Curious to know why the Bible contains thousands of contradictions and what they tell us about the Bible's compositional history, authors, audiences, and the historical circumstances that produced it?

#251. What bronze is used to plate the altar: the donation from the Israelites at Sinai OR the Kohathite fire-holders? (Ex 35:5, 38:2 vs Num 17:3-4)
#252. Who does the hammered bronze work: Bezalel OR Eleazar and the Aaronids (Ex 38:1 vs Num 17:1-4)?
#253. When and where was the altar plated: between the 6th and 12th month of the 1st year from the Exodus at Sinai OR in the 2nd-3rd years (?) after the Exodus in the wilderness? (Ex 38-40 vs Num 9-17)

We last noted the contradictory rebellion stories now stitched together in Numbers 16 (#246-250):

  1. From the Yahwist tradition: The rebellion of the Reubenites led by Dathan, Abiram, and On against Moses’ authority, to which Yahweh responds by opening up the earth and swallowing “them and all their households” (16:32); and
  2. From the Priestly source: The rebellion of the Kohathites led by Korah and his cohort of 250 chieftains against the Aaronid’s sole right to be priests, to which Yahweh responds by burning alive Korah, the 250 rebels with him, and all their property! (16:32, 35)

Numbers 17 continues with the Priestly narrative, and indeed all of Numbers 17:1-20:13 is uninterrupted Priestly material. Numbers 20-21 evidences another cut-and-paste job by our redactor of two versions of the Kadesh-Edom tradition, one of which is from P. We will look at that shortly.

In Numbers 17, the specific decree whose purpose the preceding rebellion narrative served, presented as “divinely-ordained,” and which not surprisingly advances the Aaronid’s ideology is finally pronounced:

  • “No outsider, one who is not from Aaron’s seed, shall come forward to burn incense in front of Yahweh!” (17:5)
  • “Everyone [all non-Aaronids] who comes close, who comes close to Yahweh’s Tabernacle, will die!” (17:28; cf. Num 3:10, 38)

Again, such pro-Aaronid legislation, legitimating by “divine” sanction the sole authority and prerogative of the Aaronid priesthood, is contradicted in pan-Levite texts such as Deuteronomy, which was written earlier than the Priestly source; so the Aaronids are writing and crafting a Yahweh who stands against the “divine” pronouncements of the pan-Levite text of Deuteronomy (see #152, #174, #177, #187, #214-216). This is merely one example of how Israel’s rival priestly guilds wrote texts to legitimate their positions over and against each other. Recall also how the Aaronid priestly writer pushes the supremacy of Aaron above that of Moses, the hero of the pan-Levites, in many of the Plague and Exodus stories while at the same time presenting Moses in less than flattering terms, such as his “uncircumcised lips”! (see #91, #93, #95, #97-98, #105).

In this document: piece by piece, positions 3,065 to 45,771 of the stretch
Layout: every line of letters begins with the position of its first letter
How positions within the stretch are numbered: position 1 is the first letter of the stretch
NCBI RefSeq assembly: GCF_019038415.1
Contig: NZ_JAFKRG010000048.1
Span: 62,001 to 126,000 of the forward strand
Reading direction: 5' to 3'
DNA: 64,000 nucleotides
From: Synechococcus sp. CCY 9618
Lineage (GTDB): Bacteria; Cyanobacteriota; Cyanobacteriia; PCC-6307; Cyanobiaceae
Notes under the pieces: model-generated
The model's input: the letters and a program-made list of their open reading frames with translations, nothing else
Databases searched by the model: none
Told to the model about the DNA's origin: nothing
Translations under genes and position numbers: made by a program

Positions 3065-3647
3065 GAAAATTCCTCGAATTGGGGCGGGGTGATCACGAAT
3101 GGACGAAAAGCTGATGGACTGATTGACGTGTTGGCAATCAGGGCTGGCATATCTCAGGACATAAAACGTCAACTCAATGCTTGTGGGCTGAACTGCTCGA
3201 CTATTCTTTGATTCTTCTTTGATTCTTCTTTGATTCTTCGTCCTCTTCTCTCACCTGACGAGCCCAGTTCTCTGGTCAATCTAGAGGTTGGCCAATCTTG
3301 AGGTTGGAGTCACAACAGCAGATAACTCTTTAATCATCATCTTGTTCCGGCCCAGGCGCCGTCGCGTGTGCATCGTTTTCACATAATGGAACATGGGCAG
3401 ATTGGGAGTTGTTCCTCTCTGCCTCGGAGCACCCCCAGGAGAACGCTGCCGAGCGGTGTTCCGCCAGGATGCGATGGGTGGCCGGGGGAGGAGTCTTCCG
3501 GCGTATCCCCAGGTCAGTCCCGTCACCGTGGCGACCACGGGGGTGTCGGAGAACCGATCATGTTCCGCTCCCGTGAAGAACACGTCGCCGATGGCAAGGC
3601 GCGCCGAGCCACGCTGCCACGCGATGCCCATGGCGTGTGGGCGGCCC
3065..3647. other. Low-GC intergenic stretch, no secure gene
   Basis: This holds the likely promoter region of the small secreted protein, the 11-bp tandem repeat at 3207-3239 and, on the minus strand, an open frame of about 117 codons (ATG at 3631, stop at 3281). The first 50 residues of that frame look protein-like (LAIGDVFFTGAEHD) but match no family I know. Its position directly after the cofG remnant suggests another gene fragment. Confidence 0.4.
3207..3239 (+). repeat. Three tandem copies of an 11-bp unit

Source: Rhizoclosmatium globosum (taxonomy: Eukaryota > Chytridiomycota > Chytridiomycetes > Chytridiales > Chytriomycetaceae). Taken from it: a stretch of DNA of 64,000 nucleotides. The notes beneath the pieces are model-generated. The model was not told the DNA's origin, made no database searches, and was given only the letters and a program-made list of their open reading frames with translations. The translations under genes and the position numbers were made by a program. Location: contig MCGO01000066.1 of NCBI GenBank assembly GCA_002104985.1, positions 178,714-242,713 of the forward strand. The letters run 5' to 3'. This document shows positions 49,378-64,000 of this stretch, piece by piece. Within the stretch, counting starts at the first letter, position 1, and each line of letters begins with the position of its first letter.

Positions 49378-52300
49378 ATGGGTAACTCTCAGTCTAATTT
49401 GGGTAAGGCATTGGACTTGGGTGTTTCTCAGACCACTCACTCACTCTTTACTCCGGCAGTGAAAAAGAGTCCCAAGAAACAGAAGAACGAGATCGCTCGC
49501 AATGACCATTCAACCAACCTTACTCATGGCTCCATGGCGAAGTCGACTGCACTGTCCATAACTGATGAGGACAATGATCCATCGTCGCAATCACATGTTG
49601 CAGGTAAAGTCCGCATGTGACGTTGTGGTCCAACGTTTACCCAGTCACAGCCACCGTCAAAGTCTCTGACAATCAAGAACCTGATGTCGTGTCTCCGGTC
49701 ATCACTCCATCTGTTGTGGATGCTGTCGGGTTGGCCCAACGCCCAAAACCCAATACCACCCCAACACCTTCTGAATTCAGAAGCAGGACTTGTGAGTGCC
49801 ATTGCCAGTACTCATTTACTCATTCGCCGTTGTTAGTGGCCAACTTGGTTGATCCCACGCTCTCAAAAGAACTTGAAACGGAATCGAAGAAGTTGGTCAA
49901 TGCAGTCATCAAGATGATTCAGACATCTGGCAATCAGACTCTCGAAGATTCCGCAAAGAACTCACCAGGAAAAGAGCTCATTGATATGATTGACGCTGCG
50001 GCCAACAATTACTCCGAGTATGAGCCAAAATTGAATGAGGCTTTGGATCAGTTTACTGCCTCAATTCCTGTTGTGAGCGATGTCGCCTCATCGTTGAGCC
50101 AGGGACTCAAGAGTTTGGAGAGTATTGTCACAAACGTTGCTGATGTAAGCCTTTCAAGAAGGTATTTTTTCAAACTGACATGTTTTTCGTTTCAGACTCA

At any event, the bronze fire-holders used by Korah and his cohort of 250 men have now become holy since they have come into contact with Yahweh’s shrine, Yahweh’s holiness. They therefore cannot return to the spacial realm of the common and profane. This priestly viewpoint—namely that anything that comes into contact with Yahweh’s sphere of holiness becomes holy, but in the case of non-Aaronid individuals death ensues—reminds me of a couple earlier contradictions. In the older Elohist and Deuteronomic traditions a guilty individual could seek refuge at Yahweh’s altar. But this is completely anathema to the Aaronid priests who saw their world divided into spacial categories of pure and impure. Such an individual in the priestly worldview would immediately die for touching Yahweh’s altar (#141). Recall also the contradictory Elohist tradition that has the non-Aaronid Joshua going into the Tent of Meeting! A huge no-no! (#166).

Thus, these fire-censers are to remain in the sphere of the holy; they now become the bronze to be hammered as plating for the altar. The problem, however—and I owe this contradiction to an observant reader (here)—is that the altar had already been plated with bronze and in a completely different context!